In accepting the La Nef manner with Purcell, you had to take in a butter-smooth manner of vocal projection that sometimes wasn't far from crooning, as in "Music for a while" and the unscheduled insertion of a John Dowland piece to bring the concert up to intermission — "Now O now I needs must part." The vocal quality, however, in the latter piece was a far cry from the sincere if grainy manner of Sting in his Dowland interpretations. How a singer looks when expressing emotion is properly allowed to complement the singing, of course. But Slattery pushed the envelope somewhat, scrunching up his face and baring his teeth too often. He has so much to offer in pure vocalism, however, that a little mugging could be taken in stride.

The concluding work paid tribute to another vast part of Purcell's output: sacred music. It's a credit to La Nef and Slattery that its populist approach to the Restoration composer's music did not violate the well-crafted piety of "Now that the sun hath veiled his light," with its flowering of "Hallellujahs" (or "Alleluias") at the end. It's the kind of richness that proliferates in Purcell's music — like the variant spellings of his name, which total nine (according to Grove's).

And these musicians' efforts at putting their stamp on the music and bringing it forward while representing Purcell's energy and variety for the 21st century are worthy of hallelujahs all their own.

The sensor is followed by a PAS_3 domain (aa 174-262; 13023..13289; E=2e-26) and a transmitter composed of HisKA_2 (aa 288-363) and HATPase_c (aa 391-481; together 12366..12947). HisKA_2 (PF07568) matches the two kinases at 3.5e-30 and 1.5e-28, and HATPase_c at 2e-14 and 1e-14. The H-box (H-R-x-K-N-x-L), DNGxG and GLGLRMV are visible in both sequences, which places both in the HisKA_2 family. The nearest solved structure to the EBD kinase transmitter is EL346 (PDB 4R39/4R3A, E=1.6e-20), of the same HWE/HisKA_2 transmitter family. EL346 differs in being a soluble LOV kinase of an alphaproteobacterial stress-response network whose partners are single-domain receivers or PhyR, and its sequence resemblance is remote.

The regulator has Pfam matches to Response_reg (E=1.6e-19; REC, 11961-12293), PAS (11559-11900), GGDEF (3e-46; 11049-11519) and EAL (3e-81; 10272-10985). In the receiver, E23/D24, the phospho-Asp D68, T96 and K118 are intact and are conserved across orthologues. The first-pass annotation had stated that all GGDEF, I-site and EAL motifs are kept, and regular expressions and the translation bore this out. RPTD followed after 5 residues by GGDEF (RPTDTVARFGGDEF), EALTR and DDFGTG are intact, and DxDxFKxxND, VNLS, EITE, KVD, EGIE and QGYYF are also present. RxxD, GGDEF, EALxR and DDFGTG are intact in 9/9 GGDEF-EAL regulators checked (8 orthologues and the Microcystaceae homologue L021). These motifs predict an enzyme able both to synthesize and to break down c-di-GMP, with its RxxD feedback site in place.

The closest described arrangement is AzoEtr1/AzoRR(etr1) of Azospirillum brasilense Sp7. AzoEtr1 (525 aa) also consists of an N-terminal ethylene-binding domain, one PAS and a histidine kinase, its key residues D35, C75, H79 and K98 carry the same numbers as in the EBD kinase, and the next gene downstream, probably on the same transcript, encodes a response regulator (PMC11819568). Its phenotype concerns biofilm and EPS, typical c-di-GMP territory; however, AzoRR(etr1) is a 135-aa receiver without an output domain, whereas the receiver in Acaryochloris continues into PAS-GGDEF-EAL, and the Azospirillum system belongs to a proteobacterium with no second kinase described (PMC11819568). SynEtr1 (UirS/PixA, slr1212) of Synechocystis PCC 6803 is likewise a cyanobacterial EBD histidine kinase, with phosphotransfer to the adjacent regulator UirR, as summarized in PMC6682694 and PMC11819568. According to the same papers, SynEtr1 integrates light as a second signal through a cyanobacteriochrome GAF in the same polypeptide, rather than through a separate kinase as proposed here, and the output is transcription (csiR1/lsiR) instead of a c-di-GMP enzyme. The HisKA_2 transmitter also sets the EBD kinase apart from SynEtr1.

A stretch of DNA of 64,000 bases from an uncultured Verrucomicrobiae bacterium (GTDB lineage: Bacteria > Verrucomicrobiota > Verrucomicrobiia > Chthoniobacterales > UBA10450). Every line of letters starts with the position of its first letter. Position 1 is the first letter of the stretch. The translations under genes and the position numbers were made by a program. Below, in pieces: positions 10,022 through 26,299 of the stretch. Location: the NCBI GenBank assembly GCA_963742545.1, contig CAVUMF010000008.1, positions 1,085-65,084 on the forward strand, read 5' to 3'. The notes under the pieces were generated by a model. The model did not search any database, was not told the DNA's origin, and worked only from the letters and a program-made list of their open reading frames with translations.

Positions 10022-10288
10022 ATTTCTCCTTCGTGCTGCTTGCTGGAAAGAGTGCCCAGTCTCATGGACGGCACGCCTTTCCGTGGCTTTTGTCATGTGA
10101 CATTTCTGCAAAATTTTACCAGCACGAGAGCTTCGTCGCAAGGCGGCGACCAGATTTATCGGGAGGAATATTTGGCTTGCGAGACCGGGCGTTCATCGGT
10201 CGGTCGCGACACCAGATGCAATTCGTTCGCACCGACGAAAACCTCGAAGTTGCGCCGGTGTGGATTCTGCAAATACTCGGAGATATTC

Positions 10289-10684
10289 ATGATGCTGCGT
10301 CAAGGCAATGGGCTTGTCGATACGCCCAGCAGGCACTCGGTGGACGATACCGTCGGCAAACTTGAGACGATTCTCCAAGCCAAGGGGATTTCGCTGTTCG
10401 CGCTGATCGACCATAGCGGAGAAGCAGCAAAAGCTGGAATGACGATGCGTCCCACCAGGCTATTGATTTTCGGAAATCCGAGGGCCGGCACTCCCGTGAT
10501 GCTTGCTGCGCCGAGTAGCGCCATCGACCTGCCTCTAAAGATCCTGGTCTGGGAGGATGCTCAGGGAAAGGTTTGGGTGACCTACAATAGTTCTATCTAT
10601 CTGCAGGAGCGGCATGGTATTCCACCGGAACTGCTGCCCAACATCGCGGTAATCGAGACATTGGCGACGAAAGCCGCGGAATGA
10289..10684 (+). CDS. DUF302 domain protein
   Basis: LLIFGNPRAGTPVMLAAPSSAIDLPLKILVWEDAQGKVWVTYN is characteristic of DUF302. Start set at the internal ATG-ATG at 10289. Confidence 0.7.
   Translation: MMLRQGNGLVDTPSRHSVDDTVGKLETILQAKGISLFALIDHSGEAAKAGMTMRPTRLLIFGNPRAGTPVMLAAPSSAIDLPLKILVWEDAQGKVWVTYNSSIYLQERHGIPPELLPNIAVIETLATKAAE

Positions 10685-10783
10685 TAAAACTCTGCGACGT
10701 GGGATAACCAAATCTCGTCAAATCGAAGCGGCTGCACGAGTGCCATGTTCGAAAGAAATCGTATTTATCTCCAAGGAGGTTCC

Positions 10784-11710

Saturday, July 1, 2017

First Folio Productions and Catalyst Repertory: 'Richard III' pokes sticks into the hornet's nest of royal succession

So much energy is concentrated in the character of the Duke of Gloucester, scheming to become King Richard III, that the
Matt Anderson in a rare moment of calm in the title role of "Richard III"
young Shakespeare was hard put to render full-bodied everyone else in the hunchback's orbit, and not just like iron filings around a magnet.

It's a credit to a new production by First Folio Productions and Catalyst Repertory that the other roles are vividly filled. They may rant at and lament his cold bravado and be appalled by his ruthlessness.  They flail against Richard's ferocious will just to survive. Still, they amount to something in their usually vain struggles. There is something more to them under Glenn Dobbs' direction to make Matt Anderson's excellent portrayal of the title character more than a star turn.

But any "Richard III" that really works has to start and end with how the main role is executed.  On that score, the new production holds the attention, which is immediately arrested by the frame Dobbs and his team have put around it. That's the discovery in 2012 of Richard III's body under a parking lot in Leicester, England.